#NationalNonprofitDay

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   Today is ! Did you know the EHC is a registered non-profit? We incorporated earlier this year in California in order to better support equine history scholarship. You can find our listing with the California Secretary of State here and our California Charity Registration here. This month we applied for Federal status.

   If you’d like to support the EHC’s goals, there are t-shirts currently available, and we also welcome direct donations. We welcome all with an interest in equine history. Questions, suggestions, or have a project we can help with? Let us know!

 

Board of Directors 2018-2020
Katrin Boniface

Janice Gunther Martin
Kathryn Renton

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#MemberMonday: Alexandre Blaineau

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Alexandre Blaineau

PhD European University of Brittany,
Greek History

What got you in to history ?
   I am interested on the civilizations of the Mediterranean sea, especially the Greek civilization, whose ways of thinking and culture are powerful elements of reflection.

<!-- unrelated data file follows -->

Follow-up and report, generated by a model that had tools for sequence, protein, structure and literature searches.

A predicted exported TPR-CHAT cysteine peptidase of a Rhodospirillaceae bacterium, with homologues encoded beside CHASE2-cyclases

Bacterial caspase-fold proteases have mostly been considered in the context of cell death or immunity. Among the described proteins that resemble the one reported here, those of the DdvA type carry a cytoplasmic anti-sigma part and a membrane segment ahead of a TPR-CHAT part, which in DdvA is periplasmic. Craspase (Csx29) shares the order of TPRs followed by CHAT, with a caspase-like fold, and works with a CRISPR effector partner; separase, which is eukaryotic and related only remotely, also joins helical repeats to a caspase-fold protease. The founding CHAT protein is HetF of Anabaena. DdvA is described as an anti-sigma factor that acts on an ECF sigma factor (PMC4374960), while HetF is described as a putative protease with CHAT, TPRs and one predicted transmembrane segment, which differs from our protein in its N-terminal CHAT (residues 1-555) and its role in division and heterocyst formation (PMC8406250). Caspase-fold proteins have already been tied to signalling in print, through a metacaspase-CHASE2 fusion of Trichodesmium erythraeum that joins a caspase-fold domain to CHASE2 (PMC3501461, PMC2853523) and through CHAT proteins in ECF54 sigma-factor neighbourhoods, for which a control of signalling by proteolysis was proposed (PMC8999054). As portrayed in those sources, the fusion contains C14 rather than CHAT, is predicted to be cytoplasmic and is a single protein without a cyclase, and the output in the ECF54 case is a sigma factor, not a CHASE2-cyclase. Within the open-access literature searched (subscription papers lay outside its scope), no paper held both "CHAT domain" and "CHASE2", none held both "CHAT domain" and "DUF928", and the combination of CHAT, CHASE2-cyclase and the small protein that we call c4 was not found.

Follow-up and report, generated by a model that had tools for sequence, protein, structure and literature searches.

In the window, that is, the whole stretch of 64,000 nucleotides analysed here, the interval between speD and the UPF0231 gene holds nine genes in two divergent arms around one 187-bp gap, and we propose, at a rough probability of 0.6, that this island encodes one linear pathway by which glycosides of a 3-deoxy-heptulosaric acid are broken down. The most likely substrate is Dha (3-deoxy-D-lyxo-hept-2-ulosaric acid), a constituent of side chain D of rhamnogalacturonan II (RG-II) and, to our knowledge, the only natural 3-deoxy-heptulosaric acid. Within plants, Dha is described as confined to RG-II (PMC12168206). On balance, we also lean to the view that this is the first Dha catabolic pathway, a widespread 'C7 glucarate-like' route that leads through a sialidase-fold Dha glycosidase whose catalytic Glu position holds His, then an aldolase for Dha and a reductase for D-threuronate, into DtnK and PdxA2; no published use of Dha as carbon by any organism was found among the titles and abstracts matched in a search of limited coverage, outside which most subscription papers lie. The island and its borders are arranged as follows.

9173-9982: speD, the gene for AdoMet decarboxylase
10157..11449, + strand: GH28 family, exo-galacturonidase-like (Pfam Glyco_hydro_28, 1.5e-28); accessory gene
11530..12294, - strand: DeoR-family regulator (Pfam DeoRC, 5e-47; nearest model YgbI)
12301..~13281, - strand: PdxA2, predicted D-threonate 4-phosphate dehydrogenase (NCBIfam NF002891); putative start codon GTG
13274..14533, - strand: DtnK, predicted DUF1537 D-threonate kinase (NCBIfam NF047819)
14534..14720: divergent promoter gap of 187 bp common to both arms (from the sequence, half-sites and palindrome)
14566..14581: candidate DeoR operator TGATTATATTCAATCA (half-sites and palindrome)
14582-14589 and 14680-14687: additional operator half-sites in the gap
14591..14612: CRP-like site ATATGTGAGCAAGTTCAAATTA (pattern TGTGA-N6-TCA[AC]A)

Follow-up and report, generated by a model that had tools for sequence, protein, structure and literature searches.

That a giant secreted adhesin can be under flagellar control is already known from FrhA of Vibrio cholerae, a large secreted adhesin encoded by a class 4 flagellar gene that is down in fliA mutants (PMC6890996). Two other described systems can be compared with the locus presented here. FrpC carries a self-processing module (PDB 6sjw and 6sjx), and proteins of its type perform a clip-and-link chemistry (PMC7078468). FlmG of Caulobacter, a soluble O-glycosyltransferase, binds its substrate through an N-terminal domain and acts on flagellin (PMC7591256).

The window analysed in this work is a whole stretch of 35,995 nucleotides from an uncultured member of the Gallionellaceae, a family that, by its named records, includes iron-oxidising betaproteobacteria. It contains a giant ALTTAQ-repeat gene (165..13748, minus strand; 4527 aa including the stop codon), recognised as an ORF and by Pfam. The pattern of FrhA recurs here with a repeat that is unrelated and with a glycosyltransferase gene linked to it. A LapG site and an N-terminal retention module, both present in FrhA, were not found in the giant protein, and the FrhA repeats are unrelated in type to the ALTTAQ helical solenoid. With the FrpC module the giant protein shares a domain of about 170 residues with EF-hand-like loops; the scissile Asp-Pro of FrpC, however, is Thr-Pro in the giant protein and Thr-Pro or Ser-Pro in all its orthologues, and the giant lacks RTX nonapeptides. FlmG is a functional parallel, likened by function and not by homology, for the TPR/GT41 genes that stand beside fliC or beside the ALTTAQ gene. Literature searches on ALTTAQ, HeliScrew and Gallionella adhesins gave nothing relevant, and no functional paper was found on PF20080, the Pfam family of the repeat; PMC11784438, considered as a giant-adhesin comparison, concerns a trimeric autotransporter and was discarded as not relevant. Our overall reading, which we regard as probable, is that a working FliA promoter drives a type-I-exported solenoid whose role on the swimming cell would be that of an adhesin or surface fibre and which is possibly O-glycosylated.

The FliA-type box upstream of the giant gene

In to equine history ?
   I started working on Xenophon before becoming interested in equine history. Then, the two equestrian treatises of the Athenian author were the object of my interest. My PhD was about horses and riders in Xenophon’s works. Equine history is a vast field of study because it deals with the history of technology, social history, economic history, social history, cultural history… I am convinced that we must work in interdisciplinarity to better understand horses as “actors” of history.

Who is your favorite historical horse ?
Bucephalus ! [A popular answer! Kat Boniface & Chelsea Shields-Más answered likewise]